6. I thought it was an inspired choice to go with Chadwick Boseman as a relative unknown for the lead role. I think he delivered an unexpected performance as more of a grizzled, stoic Robinson than the typical hero of movies like this. Then again, I had a hard time thinking of a another young, African-American actor who would have been the right age for the role. I found myself wondering if Hollywood, in making a movie about the drive for racial equality, made me realize that it hasn’t built up enough young, black actors.
7. Harrison Ford is so good in this movie. Not since “The Devil’s Own” in 1997 has he actually been awesome in a movie I’ve seen. I’ve found Branch Rickey satisfying for years, and I was pleased with his portrayal.
8. The baseball scenes look pretty authentic in this movie, and that can be a chief criticism for sports films (though I often wonder why people latch onto that). It’s nowhere near my favorite baseball movie of all time, but if you want to be reaffirmed in your love for baseball, this picture does the trick.
Pictured: Chadwick Boseman portrays Jackie Robinson in "42."
Of all the ways to beat the sloppy spring weather this April, this method is probably the best.
Lake Country Lutheran's baseball team didn't have to worry about the rain or the cold Wednesday when it played with a roof over its head, challenging Martin Luther of Greendale at Miller Park in Milwaukee. It was a once-in-a-lifetime chance to set foot on the same turf as the Milwaukee Brewers.
"Right away when we got here, we made sure we built in a lot of time to just let them gawk a little bit," LCL coach David Bahr said. "You know they're not going to be focused.
"…The game is significant for two other reasons. One is the weather this year. Having already canceled seven games with no end to the rain in sight, it has been great to know that an opportunity was guaranteed where we could face another team and see if all the skills that we are working on in the gym can transfer to the playing field. Secondly is our bond, our brotherhood, with the opponent. Chad Janetzke, who is the head coach at Martin Luther, and I are extremely good friends, basically brothers."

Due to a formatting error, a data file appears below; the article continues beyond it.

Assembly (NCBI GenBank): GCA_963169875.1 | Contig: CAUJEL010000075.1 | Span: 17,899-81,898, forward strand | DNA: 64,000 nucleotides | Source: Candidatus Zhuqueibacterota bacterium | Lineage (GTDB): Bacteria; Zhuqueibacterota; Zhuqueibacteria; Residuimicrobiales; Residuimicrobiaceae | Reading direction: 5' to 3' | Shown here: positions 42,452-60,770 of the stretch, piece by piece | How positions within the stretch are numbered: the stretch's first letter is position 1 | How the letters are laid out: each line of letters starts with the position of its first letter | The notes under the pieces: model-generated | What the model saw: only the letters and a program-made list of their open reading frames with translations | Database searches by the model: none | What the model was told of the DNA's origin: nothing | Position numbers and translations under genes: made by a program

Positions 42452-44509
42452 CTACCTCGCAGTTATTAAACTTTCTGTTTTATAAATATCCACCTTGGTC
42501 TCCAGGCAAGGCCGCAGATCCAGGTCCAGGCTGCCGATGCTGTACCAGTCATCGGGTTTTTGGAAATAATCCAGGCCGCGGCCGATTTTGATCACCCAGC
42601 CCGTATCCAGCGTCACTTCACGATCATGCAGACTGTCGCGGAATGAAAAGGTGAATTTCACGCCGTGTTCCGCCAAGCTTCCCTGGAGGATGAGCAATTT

That partnership between the two schools extends well beyond the head coaches. As two of the three schools in the Lutheran High School Association of Greater Milwaukee (Milwaukee Lutheran is the other), the staffs already work together on a regular basis. The two baseball programs traveled to Texas on Spring Break in what has become an annual pilgrimage, and the players combine to form a U18, U16 and U15 team run jointly by the two schools in the summer.
"We're friends with a lot of the other guys on the team, so there's that camaraderie and having that fun out here," said senior Jacob Simons, who walked to lead off a six-run ninth inning that lifted his team to an 8-2, extra-inning win. "We've had a ton of tee work in the gym. We have a ton of space to practice every day and went to STIKS in Oconomowoc a few days. Even with this rain, we've had a lot more experience than our competition."
Thanks to the unilateral fundraising efforts of Martin Luther alumni and parents, as well as small businesses, the two schools were able to enjoy an opportunity afforded to a handful of area high schools each year. Comprehensive game programs featured senior bios for both sides, and a few hundred fans dressed warmly to battle the inside chill. It was much chillier outside.
"It's definitely nice being assured of getting a game in when nobody else in Wisconsin can play baseball today," senior Tim Bahr said. "Plus, you get to be able to tell people you played at Miller Park."
Pitching was the name of the game for the Lightning in the win. BJ Sabol worked five strong innings, allowing only two runs on two hits - the latter a two-out single in the fifth that tied the game. Jesse Turner took it from there, striking out 10 batters among the 12 outs he recorded in the final four frames to secure the win.